Report: Deutsche Bank Flags 'Suspicious' Kushner Company Transactions

The bank is prepared to turn over documents to special counsel Robert Mueller, says a German business magazine.

A German magazine is reporting that officials of Deutsche Bank have informed Germany’s banking regulator about “suspicious” transactions by the real estate company owned by Jared Kushner and his family.

No details were provided about the nature of the transactions, but Deutsche Bank officials are prepared to turn over documents related to them to special counsel Robert Mueller, who is investigating Russian interference in the U.S. presidential election, the business magazine reported Friday.

Deutsche Bank is a key banker for both senior White House adviser Kushner and his father-in-law, President Donald Trump. Reuters reported last month that Mueller had issued subpoenas to the bank for information on certain money and credit transactions by Trump and members of his family, according to a source described as being close to the matter. The New York Times reported last month that the U.S. attorney based in Brooklyn, New York, had also issued a subpoena to the bank for information related to Kushner.

The bank discovered the troubling Kushner company transactions after an internal audit ordered by board President Paul Achleitner, according to the German publication, Manager Magazin, in an article first reported and translated by Mother Jones magazine.

“Achleitner’s internal detectives were embarrassed to deliver their interim report regarding real estate tycoon [Jared] Kushner to the [German] financial regulator BaFin,” stated the article, according to Mother Jones. “Their finding: There are indications that Donald Trump’s son-in-law or persons or companies close to him could have channeled suspicious monies through Deutsche Bank as part of their business dealings.”

 Deutsche Bank has reportedly loaned over $2 billion to companies affiliated with Trump since the 1990s. It continued to give millions to him even though he defaulted on one of his loans. Trump owes the German bank at least $130 million, according to the president’s most recent financial disclosure form, though it could be much more. Trump initially turned to the bank after a number of his businesses declared bankruptcy, making it difficult for him to find loans in the U.S.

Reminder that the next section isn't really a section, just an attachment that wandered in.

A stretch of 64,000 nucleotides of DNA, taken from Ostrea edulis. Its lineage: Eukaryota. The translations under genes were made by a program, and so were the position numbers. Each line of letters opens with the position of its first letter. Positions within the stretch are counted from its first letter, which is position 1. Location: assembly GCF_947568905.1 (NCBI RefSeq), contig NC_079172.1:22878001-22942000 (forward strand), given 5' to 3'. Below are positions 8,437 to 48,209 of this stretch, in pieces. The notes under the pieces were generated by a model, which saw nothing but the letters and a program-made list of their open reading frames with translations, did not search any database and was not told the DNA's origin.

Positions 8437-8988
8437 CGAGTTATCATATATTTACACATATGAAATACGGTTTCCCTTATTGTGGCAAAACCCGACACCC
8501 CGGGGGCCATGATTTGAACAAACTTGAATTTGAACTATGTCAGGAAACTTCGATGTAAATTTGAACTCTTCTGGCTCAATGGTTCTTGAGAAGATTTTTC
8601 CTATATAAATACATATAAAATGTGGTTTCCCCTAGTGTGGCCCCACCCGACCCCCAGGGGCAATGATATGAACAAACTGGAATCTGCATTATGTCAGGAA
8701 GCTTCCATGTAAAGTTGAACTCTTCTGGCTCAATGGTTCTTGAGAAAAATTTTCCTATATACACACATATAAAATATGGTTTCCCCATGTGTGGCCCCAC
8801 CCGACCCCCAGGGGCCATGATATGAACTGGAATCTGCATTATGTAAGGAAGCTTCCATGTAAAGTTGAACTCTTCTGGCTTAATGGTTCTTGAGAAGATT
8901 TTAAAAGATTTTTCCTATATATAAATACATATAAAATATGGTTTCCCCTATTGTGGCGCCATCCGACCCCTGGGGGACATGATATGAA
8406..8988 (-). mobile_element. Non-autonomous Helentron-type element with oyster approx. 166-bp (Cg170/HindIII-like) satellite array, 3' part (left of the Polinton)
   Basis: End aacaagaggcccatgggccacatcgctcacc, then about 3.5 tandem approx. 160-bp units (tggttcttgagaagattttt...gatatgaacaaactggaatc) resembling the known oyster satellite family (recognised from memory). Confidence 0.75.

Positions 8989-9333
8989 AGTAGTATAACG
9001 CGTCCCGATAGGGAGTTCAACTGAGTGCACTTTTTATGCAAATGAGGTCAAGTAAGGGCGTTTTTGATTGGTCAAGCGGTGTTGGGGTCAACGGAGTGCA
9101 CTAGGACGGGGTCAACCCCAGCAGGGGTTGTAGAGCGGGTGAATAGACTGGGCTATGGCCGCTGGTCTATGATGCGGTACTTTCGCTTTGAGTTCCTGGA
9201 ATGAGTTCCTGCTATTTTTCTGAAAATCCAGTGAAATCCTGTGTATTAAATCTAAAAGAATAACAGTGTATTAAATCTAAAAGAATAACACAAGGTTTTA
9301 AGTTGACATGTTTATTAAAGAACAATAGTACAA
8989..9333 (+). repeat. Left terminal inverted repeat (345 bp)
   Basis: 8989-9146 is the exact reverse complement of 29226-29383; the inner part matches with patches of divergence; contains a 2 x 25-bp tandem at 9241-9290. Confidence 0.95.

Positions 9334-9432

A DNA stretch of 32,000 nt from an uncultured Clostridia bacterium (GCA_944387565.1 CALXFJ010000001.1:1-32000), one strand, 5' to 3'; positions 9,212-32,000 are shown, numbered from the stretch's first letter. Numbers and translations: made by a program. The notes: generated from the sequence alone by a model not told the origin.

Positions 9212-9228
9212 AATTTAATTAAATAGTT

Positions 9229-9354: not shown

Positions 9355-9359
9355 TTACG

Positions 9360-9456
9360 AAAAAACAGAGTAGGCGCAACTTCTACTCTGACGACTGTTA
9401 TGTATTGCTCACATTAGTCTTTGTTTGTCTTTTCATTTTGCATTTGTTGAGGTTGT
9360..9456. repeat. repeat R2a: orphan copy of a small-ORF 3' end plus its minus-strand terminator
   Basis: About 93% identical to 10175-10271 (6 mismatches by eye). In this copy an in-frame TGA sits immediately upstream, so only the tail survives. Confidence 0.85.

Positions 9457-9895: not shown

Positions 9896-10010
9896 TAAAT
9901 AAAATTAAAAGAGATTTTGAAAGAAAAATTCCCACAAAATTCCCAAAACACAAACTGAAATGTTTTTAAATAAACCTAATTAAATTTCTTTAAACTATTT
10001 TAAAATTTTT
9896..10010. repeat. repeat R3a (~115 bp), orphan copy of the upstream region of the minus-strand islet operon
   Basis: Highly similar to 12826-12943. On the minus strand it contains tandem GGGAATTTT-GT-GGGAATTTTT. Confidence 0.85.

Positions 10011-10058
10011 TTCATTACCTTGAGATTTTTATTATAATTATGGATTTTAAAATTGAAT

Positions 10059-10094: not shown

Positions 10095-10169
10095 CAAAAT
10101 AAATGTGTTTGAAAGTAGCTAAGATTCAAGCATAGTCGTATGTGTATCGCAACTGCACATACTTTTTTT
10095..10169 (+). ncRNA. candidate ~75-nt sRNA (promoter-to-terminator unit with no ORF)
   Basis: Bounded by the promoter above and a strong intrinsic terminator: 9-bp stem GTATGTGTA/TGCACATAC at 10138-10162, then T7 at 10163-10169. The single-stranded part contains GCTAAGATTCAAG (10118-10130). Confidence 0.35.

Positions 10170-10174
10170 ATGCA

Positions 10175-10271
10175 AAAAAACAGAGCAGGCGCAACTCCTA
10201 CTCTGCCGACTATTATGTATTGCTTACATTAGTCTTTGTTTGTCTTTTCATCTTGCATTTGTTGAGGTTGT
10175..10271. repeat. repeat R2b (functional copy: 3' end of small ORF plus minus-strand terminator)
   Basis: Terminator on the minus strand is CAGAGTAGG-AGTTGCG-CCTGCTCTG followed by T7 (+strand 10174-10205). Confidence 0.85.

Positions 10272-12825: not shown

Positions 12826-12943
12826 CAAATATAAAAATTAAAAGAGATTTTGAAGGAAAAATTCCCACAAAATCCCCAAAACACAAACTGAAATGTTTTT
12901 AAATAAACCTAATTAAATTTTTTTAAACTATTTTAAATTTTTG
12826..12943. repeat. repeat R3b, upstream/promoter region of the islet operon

The bank also loaned Kushner’s real estate company $285 million for a planned renovation of its building at Times Square in Manhattan, The Times has reported. Kushner and his mother, Seryl Stadtmauer, also have a multimillion-dollar line of credit from the bank, according to a financial disclosure form Kushner filed with the government. 

Kushner stepped aside as the Kushner Companies’ chief executive when he assumed his White House job a year ago. He sold some of his assets but still owns part of the business.

Deutsche Bank agreed last January to pay $630 million to U.S. and British regulators to settle investigations into fraudulent stock trades that Russian account holders used as a suspected cover to launder some $10 billion. That followed a  $7.2 billion settlement the bank reached with the Justice Department a month earlier over toxic mortgage assets and a $2.5 billion settlement in 2015 for interest rate manipulation. 

Earlier this month, the Trump administration reduced fines against five banks — including Deutsche Bank — linked to interest rate manipulation, reported the International Business Times.  

Days later, Senate Banking Committee member Chris Van Hollen (D-Md.) sent a letter to Jerome Powell, Trump’s pick to head the Federal Reserve. He asked Powell for reassurance that he would rebuff any White House attempt to interfere with the Fed’s supervision of Deutsche Bank. Van Hollen said he was concerned about Trump’s “significant liabilities” with the bank. Powell responded that he would hold the bank accountable and that the Fed would function as an independent entity answerable to the public and Congress, Bloomberg reported.

House Democrats last summer demanded that Deutsche Bank reveal if any Trump loans were linked to alleged money-laundering operations or if any loans were guaranteed by Russians. Bank officials refused, citing client privacy regulations.